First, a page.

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|Revitalization project eyed for downtown West Monroe|
The West Monroe Community Center's staff and city officials are researching several methods to revitalize downtown West Monroe and the surrounding area.
Denise Calhoun, director of the community center, said the city could be ready to implement a plan within three months, after it decides which method best suits the city's revitalization needs.
"There is a great interest and need to develop and maintain downtown West Monroe," Calhoun said. "That is the heart of West Monroe."
"Trenton Street is where it all began and everything was built out from that area," she said. "We want to maintain and develop that area, the problem is the issues surrounding that area."
Many of the neighborhoods in downtown West Monroe are much older and in a state of decline. While there are a few areas in those neighborhoods that have been renovated and restored, many of the houses are 50 years or older and not in the best of shape.
Calhoun met with Mayor Dave Norris and other officials recently. Their vision now is not only to revitalize downtown West Monroe but the neighborhoods around the area as well.
Calhoun said millions of dollars can be put into revitalization efforts in downtown, but if the surrounding area is lacking, future economic development would be stagnant. There are also some safety concerns within the neighborhoods near downtown that city leaders want to address.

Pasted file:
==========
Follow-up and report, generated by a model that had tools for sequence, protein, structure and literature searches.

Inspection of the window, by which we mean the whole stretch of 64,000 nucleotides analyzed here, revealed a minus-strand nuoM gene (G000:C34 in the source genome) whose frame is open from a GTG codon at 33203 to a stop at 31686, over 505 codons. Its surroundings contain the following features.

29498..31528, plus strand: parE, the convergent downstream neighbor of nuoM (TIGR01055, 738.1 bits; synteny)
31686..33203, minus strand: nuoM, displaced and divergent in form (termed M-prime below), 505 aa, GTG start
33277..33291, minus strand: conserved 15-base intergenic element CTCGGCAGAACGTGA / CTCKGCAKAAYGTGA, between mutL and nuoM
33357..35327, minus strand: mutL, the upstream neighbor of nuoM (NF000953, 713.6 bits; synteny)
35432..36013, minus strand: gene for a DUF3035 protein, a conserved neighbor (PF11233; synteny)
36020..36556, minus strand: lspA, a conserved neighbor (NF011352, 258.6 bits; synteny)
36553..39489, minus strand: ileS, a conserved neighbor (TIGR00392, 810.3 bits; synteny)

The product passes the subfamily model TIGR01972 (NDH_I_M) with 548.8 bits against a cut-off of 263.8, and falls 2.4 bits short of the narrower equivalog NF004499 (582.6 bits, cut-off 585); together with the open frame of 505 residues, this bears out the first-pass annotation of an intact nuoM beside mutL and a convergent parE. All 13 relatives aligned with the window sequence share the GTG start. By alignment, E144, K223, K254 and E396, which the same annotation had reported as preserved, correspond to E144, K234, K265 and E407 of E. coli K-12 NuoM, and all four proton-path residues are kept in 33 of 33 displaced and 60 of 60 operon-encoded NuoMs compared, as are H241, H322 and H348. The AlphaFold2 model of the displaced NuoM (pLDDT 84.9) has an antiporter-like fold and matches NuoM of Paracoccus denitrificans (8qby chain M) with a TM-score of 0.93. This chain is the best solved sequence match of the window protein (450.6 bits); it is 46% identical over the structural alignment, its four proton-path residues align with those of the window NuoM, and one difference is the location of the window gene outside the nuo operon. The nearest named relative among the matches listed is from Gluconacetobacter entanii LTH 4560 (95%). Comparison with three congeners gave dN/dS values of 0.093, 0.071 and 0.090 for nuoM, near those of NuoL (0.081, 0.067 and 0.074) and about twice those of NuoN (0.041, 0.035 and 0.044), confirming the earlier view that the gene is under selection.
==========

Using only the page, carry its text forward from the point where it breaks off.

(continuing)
A community meeting will be held from 6-7:30 p.m. Tuesday, April 15, at the community center where residents can discuss challenges and needs within their neighborhoods with city officials. Other meetings will be held once a month to explore similar issues.
"Our (safety) concerns are relatively mild compared to other areas, but there is still that image of decline instead of an image of revitalization and that needs to change in order to change what's happening downtown," Calhoun said. "There has to be a rejuvenation of the entire area. We're talking about rebuilding West Monroe."
Last week, the community center requested that the city be provided with a certified local government status from the state.
She says that move is the first step toward any rejuvenation efforts.
"Basically it's the first step in some other certifications that will open up economic development for the downtown area," she said.
The center is looking at two options and its staff is researching the pros and cons for each method. One option is participating in the national Main Street Program. Other neighboring cities such as Bastrop and Winnsboro have used the Main Street Program to acquire funding for revitalizing the downtowns in those communities.
The other option is to convince the Legislature to designate the city with the downtown development status. That designation would be similar to what Monroe is now doing through its Downtown Economic Development District board. With the downtown development status, the city of West Monroe could offer tax incentives for development in the downtown area.
"We're looking at the Main Street Project to determine if that has enough viable pros to be the next step for us," Calhoun continued. "Or, maybe we can we accomplish our goals through other means, such as being a downtown development district. Would that allow enough tax incentives for us to do what we need without having to go to the trouble of doing the Main Street?"